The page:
Oracle: That’s Mister Job Creator to You, Senator
At issue is the idea of a tax repatriation holiday. Cash-rich companies, many of them tech companies, have billions stashed in overseas accounts waiting for a tax-advantageous moment to bring them back to the States. Companies like Intel and Cisco Systems and, yes, Oracle have been arguing that the government should do what it did in 2004 and give them a tax holiday that would allow them to bring these funds home, the theory being that it would amount to a privately funded stimulus.
The problem is there’s a big debate over what effect, precisely, the 2004 tax holiday had. As reported by The Wall Street Journal today, Levin, who doesn’t favor it, argued in a report released today (embedded below) that the effect wasn’t as good on the jobs front as many companies would like you to believe.
The interpretation is over how and under what circumstances Oracle’s payroll grew. Oracle has spent tens of billions of dollars acquiring companies like PeopleSoft and Sun Microsystems. Naturally, acquisitions add to a company’s payroll, but there are often job eliminations, too, as duplicated positions get eliminated.
Levin pointed out that in the case of two 2005 acquisitions — Retek and PeopleSoft — Oracle added fewer jobs to its overall headcount than there were employees of both companies, and so eliminated more jobs in the wake of the 2004 tax holiday than it created.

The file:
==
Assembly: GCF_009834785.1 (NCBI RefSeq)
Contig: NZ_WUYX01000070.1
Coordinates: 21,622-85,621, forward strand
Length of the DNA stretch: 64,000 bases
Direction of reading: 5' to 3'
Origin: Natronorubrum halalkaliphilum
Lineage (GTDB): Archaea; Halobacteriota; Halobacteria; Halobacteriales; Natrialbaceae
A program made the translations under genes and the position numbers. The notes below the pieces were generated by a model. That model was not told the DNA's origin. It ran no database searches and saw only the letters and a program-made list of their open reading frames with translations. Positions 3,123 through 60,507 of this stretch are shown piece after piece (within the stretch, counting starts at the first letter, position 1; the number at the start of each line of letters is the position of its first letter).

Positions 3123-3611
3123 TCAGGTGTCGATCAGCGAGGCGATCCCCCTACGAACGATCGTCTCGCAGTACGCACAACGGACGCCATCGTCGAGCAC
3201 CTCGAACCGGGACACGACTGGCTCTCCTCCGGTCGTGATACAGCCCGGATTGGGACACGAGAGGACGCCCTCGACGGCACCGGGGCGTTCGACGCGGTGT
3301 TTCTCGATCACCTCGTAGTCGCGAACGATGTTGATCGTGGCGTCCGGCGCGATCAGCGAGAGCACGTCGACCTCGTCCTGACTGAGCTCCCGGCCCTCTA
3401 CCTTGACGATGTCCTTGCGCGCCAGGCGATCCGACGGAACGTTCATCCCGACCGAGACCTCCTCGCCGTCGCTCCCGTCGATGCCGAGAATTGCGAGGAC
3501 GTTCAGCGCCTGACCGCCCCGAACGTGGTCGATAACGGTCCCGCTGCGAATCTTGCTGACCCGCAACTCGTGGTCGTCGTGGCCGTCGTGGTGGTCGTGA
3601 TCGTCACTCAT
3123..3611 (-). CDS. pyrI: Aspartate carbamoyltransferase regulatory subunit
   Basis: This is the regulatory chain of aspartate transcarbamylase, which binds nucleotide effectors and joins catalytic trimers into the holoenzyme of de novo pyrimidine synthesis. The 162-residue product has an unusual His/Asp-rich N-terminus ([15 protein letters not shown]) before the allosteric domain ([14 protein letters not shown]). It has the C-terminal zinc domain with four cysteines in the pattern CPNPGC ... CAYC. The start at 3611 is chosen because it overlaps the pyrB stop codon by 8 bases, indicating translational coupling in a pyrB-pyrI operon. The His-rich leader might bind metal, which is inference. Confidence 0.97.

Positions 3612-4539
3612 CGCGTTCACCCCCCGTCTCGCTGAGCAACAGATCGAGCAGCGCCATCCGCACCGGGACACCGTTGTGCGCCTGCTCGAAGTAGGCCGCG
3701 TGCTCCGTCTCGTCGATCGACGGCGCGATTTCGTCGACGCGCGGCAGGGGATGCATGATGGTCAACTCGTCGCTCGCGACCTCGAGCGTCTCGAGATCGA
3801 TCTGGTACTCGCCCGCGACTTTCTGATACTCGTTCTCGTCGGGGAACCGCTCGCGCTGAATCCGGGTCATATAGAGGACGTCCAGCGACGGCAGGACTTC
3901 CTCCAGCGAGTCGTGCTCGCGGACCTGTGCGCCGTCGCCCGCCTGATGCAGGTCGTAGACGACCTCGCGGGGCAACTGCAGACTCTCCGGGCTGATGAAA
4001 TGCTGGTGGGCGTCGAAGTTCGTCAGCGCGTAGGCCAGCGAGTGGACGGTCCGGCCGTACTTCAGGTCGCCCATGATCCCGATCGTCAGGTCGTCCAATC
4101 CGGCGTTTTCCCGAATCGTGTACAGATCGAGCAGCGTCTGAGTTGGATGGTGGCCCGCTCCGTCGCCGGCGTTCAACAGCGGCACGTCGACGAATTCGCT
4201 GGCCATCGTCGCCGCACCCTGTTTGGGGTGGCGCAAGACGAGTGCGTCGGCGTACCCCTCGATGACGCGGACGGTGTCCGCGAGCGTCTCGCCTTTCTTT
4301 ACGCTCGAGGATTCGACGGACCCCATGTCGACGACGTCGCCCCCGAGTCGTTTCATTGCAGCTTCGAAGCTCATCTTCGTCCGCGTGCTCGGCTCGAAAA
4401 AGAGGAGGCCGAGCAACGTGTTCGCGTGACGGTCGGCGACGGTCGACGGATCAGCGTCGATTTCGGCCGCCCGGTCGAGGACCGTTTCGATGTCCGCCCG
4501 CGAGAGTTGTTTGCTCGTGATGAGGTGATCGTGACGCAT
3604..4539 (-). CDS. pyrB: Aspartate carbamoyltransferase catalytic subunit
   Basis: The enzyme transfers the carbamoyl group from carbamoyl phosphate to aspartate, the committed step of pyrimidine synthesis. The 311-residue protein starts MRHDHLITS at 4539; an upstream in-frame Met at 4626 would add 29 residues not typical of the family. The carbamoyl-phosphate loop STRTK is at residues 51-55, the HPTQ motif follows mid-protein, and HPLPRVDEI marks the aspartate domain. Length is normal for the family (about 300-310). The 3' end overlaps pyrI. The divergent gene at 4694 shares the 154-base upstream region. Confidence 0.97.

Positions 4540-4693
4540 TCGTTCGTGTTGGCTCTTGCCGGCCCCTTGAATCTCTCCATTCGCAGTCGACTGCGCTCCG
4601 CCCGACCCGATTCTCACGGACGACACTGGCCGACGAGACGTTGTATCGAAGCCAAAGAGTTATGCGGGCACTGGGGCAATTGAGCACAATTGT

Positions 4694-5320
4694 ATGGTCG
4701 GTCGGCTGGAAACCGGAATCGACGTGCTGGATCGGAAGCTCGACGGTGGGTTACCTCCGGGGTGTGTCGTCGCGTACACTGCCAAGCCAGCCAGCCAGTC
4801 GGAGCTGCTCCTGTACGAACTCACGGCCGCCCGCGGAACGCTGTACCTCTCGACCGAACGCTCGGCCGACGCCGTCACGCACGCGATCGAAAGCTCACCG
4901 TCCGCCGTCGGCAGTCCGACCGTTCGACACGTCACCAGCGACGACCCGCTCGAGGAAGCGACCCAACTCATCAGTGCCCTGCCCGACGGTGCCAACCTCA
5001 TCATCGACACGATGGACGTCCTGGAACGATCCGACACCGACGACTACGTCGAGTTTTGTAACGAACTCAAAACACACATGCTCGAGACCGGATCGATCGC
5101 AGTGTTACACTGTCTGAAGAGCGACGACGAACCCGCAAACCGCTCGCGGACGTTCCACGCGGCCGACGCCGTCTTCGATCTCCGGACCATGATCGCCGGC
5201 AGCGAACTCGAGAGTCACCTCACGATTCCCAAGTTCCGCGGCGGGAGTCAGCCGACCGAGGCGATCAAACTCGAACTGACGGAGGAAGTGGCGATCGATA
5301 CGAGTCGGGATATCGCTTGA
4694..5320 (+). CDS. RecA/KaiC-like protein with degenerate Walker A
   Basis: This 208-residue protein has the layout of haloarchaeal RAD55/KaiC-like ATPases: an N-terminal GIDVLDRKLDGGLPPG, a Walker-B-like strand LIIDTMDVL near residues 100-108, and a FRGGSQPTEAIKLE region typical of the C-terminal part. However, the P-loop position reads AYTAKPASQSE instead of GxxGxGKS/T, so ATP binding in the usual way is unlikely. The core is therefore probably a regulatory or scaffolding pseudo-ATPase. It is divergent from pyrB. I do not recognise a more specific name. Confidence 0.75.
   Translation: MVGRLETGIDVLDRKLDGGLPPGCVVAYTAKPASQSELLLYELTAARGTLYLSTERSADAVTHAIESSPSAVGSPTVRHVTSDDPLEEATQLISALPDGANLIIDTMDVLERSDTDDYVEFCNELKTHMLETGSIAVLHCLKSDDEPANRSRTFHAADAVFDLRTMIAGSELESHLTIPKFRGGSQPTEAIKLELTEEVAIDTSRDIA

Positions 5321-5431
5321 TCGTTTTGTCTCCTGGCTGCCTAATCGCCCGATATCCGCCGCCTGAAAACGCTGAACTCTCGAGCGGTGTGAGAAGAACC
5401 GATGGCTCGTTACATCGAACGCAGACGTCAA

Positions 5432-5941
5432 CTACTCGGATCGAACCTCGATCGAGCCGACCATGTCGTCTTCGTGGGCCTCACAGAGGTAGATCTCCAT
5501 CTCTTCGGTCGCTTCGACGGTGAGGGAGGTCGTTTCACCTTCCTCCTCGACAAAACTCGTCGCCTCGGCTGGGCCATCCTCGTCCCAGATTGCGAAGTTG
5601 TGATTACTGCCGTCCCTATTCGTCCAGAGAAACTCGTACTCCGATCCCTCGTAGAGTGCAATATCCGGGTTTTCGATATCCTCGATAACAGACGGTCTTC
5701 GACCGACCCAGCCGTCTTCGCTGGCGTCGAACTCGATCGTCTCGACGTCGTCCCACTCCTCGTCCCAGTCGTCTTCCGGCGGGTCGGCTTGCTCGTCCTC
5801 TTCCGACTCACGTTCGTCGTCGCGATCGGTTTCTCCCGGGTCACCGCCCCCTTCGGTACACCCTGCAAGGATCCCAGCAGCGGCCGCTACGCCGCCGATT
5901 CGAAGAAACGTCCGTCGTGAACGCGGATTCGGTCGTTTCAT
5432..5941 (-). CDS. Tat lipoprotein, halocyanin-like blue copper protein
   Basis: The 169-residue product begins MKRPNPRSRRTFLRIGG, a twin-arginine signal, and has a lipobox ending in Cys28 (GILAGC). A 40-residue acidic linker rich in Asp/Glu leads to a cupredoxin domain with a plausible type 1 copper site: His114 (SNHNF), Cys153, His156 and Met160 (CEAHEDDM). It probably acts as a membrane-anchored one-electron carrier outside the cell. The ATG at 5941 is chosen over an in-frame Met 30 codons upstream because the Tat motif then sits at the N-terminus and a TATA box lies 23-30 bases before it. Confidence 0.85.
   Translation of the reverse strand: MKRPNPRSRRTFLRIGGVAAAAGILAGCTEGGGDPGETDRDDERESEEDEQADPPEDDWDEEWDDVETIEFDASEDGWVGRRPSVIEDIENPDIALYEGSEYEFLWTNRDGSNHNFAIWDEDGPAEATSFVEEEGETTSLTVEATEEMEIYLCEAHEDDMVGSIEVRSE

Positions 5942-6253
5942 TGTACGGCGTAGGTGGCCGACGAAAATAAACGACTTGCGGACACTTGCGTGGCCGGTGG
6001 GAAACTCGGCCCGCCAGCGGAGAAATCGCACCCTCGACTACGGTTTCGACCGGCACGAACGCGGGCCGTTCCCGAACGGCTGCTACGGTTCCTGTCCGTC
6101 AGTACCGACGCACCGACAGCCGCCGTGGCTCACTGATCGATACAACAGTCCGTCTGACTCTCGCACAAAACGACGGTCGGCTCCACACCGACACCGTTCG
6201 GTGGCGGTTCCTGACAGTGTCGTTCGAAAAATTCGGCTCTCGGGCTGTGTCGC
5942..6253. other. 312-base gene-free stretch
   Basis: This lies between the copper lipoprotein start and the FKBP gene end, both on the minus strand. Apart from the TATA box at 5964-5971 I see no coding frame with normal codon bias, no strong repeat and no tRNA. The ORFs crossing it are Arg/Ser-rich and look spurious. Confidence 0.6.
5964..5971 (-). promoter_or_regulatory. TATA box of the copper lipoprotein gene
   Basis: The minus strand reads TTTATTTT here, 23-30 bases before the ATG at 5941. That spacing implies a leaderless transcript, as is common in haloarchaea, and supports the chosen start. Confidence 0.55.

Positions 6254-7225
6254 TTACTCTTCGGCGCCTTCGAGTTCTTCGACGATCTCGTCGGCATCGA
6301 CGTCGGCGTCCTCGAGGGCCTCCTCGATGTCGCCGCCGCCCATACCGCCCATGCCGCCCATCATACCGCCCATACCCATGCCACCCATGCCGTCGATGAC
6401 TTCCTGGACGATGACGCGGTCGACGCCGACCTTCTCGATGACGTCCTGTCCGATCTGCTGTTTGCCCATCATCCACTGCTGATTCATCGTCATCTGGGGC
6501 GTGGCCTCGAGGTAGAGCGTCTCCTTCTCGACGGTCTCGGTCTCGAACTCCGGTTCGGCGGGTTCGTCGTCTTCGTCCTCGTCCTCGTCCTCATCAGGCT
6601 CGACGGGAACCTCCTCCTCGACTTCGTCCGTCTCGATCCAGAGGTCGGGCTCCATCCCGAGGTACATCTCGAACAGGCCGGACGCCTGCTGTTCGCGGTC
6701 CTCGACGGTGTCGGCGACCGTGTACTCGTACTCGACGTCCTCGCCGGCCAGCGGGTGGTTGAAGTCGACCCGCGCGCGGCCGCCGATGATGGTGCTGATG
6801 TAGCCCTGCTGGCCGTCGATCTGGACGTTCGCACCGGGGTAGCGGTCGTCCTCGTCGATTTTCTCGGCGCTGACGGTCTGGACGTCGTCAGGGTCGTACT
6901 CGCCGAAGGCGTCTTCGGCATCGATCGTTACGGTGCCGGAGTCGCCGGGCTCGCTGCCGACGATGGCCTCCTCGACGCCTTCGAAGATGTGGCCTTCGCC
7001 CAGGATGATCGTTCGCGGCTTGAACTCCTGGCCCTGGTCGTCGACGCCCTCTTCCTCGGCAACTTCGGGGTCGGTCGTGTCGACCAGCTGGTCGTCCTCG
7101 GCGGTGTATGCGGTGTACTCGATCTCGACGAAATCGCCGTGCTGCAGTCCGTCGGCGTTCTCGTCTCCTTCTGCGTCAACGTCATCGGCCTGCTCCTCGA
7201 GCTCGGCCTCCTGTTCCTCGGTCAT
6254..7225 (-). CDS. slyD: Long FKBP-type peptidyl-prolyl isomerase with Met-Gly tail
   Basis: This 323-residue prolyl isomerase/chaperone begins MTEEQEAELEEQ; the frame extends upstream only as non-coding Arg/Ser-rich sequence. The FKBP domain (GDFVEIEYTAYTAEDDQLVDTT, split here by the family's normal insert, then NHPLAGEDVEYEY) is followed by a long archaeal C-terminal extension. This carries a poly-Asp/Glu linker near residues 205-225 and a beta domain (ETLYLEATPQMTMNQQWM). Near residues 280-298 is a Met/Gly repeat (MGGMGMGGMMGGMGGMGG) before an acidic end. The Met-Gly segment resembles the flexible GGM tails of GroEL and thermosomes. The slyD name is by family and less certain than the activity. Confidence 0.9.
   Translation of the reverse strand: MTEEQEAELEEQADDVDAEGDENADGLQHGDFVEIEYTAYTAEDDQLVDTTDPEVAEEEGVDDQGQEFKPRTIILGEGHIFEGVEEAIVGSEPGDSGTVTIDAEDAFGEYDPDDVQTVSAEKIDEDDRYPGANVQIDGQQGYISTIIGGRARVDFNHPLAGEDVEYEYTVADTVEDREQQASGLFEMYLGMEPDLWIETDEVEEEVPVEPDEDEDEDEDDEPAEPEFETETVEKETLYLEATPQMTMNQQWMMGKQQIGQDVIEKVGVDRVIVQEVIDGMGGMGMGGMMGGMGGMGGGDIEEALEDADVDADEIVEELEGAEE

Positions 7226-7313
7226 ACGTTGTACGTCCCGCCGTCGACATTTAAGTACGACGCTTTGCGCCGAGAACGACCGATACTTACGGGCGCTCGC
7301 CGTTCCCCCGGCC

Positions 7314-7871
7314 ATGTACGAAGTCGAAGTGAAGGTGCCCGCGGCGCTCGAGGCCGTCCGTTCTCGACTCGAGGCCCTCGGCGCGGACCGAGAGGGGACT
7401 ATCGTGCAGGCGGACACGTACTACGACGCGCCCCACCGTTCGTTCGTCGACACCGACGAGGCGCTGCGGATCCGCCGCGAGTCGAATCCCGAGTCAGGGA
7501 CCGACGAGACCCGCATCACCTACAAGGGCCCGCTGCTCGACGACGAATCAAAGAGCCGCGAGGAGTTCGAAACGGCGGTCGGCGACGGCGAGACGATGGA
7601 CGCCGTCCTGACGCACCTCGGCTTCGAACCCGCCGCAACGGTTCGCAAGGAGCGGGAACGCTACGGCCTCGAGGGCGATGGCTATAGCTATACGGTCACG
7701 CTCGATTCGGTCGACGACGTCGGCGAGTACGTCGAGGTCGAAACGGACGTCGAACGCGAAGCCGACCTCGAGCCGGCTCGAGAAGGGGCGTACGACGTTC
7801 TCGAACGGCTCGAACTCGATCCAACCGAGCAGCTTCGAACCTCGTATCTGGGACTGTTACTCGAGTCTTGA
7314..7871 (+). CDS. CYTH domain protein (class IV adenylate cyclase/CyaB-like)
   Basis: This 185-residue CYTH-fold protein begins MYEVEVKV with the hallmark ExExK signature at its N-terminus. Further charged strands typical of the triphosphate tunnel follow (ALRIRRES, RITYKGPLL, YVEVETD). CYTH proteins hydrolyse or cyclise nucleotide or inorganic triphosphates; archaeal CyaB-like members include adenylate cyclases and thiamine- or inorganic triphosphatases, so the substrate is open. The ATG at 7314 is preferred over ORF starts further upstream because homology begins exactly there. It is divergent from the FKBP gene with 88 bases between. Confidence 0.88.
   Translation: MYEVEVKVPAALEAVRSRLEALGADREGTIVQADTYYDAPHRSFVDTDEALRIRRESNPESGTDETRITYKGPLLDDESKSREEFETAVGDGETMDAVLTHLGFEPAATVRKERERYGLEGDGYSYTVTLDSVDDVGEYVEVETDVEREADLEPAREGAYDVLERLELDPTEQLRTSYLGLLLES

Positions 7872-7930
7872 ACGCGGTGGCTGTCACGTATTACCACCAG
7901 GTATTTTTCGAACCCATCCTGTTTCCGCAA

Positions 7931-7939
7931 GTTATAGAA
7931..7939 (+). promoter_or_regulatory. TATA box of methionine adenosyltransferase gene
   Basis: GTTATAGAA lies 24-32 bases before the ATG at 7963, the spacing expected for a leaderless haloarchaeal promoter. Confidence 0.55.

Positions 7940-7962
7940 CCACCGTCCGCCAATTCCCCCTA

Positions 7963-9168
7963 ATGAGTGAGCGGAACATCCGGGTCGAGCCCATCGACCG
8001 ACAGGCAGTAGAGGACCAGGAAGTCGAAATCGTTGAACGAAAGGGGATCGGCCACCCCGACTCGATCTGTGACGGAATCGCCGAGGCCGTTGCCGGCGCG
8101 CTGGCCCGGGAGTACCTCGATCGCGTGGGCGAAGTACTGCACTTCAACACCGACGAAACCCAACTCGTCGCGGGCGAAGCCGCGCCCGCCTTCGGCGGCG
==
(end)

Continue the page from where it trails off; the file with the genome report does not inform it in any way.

“Prior to being acquired by Oracle in 2005, Retek reported in its SEC filings that it had 531 worldwide jobs, while PeopleSoft reported that it had 8,748 employees in the United States. Oracle informed the Subcommittee that, in 2005, it increased its U.S. workforce by 4,440 jobs over the prior year. That 4,440 total, which reflects less than half the number of jobs brought to Oracle by Retek and PeopleSoft, indicates that, after acquiring the two companies, Oracle actually eliminated thousands of jobs previously held by U.S. workers.”
Oracle has since shot back in a statement from Senior Vice President Ken Glueck, citing the growth of its overall workforce since 2004 and in its research and development budget, which as of Oracle’s fiscal 2011 had more than tripled to $4.5 billion from $1.3 billion in 2004. And as of the quarter ended Aug. 31, it had more than $31 billion in combined cash and short-term investments, much of it held in non-U.S. accounts, that it would like to bring back to U.S. shores without having to pay an 8.75 percent repatriation tax.
“Between 2004 and today Oracle has grown its workforce from 42,000 to over 105,000 employees and we are hiring aggressively right now. Oracle spends well over $4 billion per year investing in research and development to fuel further growth. The only news in Senator Levin’s results-oriented ‘study’ is that he still opposes repatriation. With unemployment over 9 percent and more than $1 trillion dollars waiting to be put to work in the United States one would have thought he would revisit his long-standing opposition.”